Chris Rea explores the curious balance sheet applied to carbon credits and official measures designed to combat deforestation.
One of the most effective ways of removing carbon from the atmosphere is preserving and expanding our forests. However, existing schemes aimed at encouraging this appear to ignore the importance of the mature trees that do the heavy lifting in combatting climate change.
To encourage planting of trees, carbon credits are now actively counted and traded and are increasingly becoming of interest to businesses as vehicles for offsetting their carbon footprints.
However, the GHG Protocol Committee guidance from 2023 says that an organisation can only claim the amount of carbon from a newly planted tree, which the tree actually removes in that year.
This means carbon credits assigned to newly-planted trees are negligible, while pre-existing mature trees that after several decades can absorb around 170 kg of CO2 per year, are not counted at all.
That’s right. Under what is known as the principle of additionality, if the woodland already exists no carbon credits can be claimed. Of course, this also means that when you cut woodland down, there is no carbon credit loss on the balance sheet.
It is scientifically correct that saplings, once planted, can take decades to become effective carbon sinks, but where is the science which says that the trees that exist have got no CO2e value? If they have “no value” they are less likely to be cared for and preserved and there will be a continuing incentive to cut them down for their timber or for more profitable land use.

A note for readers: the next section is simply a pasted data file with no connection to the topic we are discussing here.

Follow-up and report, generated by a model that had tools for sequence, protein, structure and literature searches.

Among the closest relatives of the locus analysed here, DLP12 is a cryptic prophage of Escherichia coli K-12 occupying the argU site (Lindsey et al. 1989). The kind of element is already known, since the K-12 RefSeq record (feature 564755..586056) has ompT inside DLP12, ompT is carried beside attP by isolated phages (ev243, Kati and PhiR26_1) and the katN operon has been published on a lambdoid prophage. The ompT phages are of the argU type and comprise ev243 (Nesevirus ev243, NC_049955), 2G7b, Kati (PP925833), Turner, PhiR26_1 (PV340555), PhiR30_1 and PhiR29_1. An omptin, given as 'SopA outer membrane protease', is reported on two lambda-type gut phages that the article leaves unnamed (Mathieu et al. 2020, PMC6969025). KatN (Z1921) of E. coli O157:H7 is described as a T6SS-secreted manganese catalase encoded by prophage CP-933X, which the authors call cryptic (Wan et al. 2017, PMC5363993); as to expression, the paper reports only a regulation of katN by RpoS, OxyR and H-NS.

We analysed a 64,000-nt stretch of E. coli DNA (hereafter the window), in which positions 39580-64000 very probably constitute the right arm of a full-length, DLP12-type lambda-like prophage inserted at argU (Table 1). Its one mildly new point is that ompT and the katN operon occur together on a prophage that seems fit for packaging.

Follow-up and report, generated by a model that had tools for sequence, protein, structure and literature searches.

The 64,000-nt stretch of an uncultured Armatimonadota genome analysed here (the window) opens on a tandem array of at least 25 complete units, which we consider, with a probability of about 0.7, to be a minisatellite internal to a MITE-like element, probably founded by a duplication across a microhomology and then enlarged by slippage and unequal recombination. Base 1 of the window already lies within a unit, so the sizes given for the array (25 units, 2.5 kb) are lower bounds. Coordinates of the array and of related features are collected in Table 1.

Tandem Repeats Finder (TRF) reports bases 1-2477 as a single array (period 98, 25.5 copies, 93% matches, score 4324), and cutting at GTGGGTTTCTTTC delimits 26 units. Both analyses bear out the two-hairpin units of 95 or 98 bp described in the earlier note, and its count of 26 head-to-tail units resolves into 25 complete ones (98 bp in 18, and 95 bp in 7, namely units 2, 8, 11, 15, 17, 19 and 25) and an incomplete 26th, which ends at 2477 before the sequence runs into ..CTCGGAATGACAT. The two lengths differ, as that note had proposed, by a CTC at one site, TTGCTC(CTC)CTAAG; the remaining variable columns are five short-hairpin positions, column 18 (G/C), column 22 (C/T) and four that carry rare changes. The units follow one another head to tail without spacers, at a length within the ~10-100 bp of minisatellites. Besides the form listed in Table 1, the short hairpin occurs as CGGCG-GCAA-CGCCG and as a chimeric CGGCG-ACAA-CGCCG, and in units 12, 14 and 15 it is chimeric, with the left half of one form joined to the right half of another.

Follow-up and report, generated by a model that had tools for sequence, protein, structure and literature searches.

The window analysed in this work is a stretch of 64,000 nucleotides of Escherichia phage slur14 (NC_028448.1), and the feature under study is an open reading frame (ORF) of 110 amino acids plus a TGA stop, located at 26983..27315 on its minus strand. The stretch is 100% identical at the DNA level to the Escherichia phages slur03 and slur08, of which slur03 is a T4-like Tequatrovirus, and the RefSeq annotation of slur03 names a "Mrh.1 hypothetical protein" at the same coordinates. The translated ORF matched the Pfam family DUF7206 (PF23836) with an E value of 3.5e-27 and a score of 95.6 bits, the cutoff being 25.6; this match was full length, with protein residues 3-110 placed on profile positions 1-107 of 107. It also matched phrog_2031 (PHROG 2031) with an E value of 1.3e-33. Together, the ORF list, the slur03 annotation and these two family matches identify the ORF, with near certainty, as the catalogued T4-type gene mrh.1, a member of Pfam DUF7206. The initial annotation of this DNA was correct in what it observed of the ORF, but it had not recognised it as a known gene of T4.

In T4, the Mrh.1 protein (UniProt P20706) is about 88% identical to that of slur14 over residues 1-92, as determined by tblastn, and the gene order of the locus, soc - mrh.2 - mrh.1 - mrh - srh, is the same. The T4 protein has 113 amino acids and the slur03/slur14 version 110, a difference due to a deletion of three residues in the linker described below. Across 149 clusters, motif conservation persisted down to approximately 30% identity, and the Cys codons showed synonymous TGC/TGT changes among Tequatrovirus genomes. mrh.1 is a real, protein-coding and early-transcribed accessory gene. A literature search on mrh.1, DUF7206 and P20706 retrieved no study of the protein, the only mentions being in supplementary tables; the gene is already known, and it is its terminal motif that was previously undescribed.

Meanwhile, AESSEAL plc has planted hundreds of trees to create Tree Walk, a one kilometre long perimeter attraction mainly intended to attract schoolchildren and encourage them to take up STEM subjects. The business will also plant hundreds more semi-mature trees, the largest we can buy that can be transplanted, as we landscape The Factory of the Future.
We wanted to go a lot further, but after a huge time and cost investment, working with BSI in order to explore environmental investments that could offset our own carbon footprint, the GHG Protocol’s updated guidance means that AESSEAL has abandoned plans to buy marginal farmland and grow trees, as it would take 30 years for those trees to absorb a significant amount of CO2e.
Instead we have decided to buy an existing forest or forests, which are a thing a beauty in themselves. AESSEAL plc has already spent £7.7 million on displacing green energy with self-generated renewable energy, which gives us no emissions reductions benefit on our CO2e scorecard, so we are not that driven to make environmental decisions that purely impact on our Scope 1, 2 and 3 emissions calculations.
Hopefully, common sense will eventually kick in and the world will seek to conserve the trees and forests that we have, a part of which will be by assigning the appropriate scientific CO2e absorption value to existing mature trees.